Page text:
As used in this part 8, unless the context otherwise requires:
(1) Domestic violence means an act or threatened act of violence upon a person with whom the actor is or has been involved in an intimate relationship. Domestic violence also includes any other crime against a person, or against property, including an animal, or any municipal ordinance violation against a person, or against property, including an animal, when used as a method of coercion, control, punishment, intimidation, or revenge directed against a person with whom the actor is or has been involved in an intimate relationship.
(2) Intimate relationship means a relationship between spouses, former spouses, past or present unmarried couples, or persons who are both the parents of the same child regardless of whether the persons have been married or have lived together at any time.
Source: L. 89: Entire section added, p. 909, 1, effective April 4. L. 94: (1) amended, p. 2020, 1, effective June 3; entire section amended, p. 2025, 1, effective July 1. L. 95: IP and (1) amended, p. 566, 1, effective July 1. L. 2007: (1) amended, p. 726, 7, effective July 1.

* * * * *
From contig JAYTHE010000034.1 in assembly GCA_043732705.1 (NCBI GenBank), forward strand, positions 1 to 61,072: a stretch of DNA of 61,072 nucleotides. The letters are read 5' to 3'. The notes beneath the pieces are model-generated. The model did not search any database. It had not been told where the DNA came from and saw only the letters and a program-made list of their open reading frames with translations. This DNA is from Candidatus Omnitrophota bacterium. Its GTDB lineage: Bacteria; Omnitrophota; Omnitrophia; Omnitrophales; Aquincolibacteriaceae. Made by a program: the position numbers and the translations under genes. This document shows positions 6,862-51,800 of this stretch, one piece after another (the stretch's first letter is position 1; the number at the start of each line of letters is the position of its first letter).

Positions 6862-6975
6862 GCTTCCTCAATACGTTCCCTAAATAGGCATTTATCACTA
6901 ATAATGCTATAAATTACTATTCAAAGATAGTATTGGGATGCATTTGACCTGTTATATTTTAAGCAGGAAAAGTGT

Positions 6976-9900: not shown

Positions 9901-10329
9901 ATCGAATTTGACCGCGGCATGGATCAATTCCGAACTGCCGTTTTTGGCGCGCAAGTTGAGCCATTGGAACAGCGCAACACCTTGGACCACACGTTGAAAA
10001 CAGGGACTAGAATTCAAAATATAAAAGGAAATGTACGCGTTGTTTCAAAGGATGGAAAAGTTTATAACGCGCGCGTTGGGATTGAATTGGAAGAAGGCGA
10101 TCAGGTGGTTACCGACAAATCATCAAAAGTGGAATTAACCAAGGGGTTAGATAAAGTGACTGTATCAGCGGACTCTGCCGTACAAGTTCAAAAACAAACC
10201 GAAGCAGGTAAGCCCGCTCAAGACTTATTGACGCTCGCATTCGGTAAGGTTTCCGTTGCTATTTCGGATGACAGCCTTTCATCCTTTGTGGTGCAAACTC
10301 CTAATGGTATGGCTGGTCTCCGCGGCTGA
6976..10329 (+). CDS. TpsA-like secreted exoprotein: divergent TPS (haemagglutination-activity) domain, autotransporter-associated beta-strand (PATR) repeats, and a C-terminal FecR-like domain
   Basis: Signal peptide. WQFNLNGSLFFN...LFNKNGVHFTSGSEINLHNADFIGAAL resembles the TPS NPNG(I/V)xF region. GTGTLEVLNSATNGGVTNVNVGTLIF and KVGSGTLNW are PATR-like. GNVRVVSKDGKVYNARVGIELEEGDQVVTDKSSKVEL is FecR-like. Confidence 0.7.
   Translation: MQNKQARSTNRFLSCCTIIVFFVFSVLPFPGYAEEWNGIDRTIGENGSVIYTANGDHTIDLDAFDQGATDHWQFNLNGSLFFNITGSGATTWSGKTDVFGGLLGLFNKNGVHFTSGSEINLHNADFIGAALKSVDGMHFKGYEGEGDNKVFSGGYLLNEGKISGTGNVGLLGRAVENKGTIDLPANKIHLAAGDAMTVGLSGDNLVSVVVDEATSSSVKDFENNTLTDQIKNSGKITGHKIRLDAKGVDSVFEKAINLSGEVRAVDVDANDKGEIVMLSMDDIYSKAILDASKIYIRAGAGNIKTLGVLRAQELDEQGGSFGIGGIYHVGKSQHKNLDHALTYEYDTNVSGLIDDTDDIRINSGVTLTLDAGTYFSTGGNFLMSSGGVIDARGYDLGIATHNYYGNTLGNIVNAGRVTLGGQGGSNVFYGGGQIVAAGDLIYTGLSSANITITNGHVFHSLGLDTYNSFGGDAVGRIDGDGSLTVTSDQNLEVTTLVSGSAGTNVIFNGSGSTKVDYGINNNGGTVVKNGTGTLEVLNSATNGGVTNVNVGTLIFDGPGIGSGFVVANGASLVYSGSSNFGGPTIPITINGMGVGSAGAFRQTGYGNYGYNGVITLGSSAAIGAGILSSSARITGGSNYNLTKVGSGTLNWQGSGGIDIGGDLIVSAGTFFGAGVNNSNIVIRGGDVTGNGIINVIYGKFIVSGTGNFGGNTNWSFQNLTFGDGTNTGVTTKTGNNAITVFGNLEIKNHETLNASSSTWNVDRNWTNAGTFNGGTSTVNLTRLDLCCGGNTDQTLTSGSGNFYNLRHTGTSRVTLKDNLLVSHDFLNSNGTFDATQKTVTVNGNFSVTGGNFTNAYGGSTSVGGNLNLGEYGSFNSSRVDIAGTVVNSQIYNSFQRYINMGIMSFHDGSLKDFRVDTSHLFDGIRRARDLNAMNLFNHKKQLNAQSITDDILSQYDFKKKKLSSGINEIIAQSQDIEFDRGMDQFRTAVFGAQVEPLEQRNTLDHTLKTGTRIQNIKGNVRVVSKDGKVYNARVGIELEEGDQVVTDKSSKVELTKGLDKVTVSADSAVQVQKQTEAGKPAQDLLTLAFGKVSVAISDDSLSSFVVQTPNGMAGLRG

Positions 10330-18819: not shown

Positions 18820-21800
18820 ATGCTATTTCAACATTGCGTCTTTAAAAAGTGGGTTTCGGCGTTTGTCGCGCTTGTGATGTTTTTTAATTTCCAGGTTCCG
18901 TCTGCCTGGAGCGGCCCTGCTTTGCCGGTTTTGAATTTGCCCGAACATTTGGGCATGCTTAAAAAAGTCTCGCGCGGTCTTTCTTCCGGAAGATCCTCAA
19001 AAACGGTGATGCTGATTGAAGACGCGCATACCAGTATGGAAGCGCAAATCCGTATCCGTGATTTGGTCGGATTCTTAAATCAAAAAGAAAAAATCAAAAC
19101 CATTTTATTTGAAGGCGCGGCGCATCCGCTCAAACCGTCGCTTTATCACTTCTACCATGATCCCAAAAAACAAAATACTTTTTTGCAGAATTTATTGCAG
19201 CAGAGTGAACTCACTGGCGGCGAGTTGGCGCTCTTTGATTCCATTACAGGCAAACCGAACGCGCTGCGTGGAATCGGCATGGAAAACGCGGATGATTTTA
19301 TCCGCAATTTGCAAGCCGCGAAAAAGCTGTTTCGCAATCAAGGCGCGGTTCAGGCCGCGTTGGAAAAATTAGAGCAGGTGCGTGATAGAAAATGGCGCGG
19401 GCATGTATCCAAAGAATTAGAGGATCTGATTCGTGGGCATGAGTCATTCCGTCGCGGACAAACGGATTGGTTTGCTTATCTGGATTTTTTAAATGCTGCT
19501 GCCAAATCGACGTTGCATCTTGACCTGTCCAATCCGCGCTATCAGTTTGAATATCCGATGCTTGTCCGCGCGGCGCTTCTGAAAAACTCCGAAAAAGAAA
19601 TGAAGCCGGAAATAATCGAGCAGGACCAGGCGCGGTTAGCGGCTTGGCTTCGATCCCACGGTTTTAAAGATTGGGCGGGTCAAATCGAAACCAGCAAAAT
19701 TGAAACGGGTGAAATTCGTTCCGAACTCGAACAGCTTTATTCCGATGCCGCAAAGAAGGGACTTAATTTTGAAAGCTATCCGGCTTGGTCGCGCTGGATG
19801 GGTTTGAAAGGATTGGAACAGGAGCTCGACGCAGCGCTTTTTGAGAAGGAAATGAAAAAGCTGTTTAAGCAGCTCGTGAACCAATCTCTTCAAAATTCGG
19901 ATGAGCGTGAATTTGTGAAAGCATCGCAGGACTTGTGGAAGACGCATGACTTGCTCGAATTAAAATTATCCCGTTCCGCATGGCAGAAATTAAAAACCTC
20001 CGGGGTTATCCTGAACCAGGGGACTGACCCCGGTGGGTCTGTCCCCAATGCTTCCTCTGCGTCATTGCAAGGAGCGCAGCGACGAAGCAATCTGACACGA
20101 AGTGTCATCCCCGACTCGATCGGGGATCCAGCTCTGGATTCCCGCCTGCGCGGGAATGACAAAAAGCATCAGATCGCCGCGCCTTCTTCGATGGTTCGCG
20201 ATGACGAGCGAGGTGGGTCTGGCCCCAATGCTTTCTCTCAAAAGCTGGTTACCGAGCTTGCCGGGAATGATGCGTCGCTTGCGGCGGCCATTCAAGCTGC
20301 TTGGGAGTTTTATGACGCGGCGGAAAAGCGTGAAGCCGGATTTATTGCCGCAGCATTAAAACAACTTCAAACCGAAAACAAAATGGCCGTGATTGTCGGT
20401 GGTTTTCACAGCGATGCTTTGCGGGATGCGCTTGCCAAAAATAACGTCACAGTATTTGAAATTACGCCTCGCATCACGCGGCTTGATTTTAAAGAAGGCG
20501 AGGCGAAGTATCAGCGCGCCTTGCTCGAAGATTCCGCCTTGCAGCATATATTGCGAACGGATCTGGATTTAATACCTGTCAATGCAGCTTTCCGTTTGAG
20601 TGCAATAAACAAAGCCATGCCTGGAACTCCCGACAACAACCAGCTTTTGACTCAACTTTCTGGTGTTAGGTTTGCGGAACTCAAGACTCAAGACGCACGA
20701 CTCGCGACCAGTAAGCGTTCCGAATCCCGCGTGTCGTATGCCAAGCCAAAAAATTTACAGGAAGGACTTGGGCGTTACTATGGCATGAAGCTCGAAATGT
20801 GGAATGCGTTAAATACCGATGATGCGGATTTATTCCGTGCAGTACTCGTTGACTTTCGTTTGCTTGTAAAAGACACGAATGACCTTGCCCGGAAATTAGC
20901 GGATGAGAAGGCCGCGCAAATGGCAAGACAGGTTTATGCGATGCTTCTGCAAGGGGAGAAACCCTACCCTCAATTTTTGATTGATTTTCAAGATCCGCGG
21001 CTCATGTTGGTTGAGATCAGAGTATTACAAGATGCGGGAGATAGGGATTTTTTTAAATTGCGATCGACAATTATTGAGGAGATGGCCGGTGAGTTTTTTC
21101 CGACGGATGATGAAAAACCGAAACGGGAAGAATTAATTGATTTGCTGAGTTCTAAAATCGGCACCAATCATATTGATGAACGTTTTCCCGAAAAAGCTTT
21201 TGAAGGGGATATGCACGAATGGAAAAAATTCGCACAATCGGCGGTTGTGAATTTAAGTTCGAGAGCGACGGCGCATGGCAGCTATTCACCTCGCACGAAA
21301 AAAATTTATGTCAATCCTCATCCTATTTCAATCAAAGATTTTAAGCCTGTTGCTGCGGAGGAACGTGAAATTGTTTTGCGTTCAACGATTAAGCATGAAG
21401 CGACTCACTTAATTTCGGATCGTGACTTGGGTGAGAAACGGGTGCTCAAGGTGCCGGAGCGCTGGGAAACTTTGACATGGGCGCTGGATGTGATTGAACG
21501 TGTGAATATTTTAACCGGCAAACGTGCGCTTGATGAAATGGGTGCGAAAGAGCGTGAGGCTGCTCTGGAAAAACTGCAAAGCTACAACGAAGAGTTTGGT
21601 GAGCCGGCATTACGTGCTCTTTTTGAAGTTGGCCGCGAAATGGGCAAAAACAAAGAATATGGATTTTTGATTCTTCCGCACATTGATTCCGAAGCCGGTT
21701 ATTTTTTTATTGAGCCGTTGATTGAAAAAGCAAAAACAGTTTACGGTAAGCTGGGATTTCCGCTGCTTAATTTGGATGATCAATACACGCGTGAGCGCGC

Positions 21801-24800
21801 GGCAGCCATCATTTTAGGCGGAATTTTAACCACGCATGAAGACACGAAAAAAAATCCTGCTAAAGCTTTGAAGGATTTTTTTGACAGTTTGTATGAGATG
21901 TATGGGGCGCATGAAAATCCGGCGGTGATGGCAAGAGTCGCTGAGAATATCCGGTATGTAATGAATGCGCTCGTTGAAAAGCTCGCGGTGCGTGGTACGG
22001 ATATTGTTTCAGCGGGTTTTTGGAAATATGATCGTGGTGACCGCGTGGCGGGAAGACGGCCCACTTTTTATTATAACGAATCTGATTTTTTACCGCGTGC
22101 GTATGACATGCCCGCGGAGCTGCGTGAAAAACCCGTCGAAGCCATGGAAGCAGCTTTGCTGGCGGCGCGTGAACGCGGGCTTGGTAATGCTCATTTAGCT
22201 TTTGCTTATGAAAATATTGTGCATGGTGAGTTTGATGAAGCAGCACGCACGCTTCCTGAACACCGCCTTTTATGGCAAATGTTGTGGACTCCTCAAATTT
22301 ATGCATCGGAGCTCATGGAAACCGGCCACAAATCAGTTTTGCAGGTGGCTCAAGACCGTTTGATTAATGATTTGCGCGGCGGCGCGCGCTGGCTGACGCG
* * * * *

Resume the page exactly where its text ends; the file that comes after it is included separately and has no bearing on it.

Editors note: Subsection (1) was amended in Senate Bill 94-51. Those amendments were superseded by the amendment of the entire section in House Bill 94-1253.
Law reviews. For article, Injunctive Remedies for Interpersonal Violence, see 18 Colo. Law. 1743 (1989). For article, 1994 Legislature Strengthens Domestic Violence Protective Orders, see 23 Colo. Law. 2327 (1994).
Evidence of a sexual relationship is not necessary to establish the existence of an intimate relationship. People v. Disher, 224 P.3d 254 (Colo. 2010).
A sexual relationship may be an indicator, but never a necessary condition, of an intimate relationship for purposes of the Colorado domestic violence statute. The relationship must be more than that of a roommate, friend, or acquaintance, and there must be a romantic attachment or shared parental status between the parties. People v. Disher, 224 P.3d 254 (Colo. 2010).
When determining whether a relationship is an intimate relationship, a court may take into account the following three factors: (1) The length of time the relationship has existed or did exist; (2) the nature or type of the relationship; and (3) the frequency of interaction between the parties. People v. Disher, 224 P.3d 254 (Colo. 2010).
The existence of a dating relationship indicates the kind of romantic attachment required by the statute. Whether that dating relationship was sexual in nature should not have been the determining factor. People v. Disher, 224 P.3d 254 (Colo. 2010).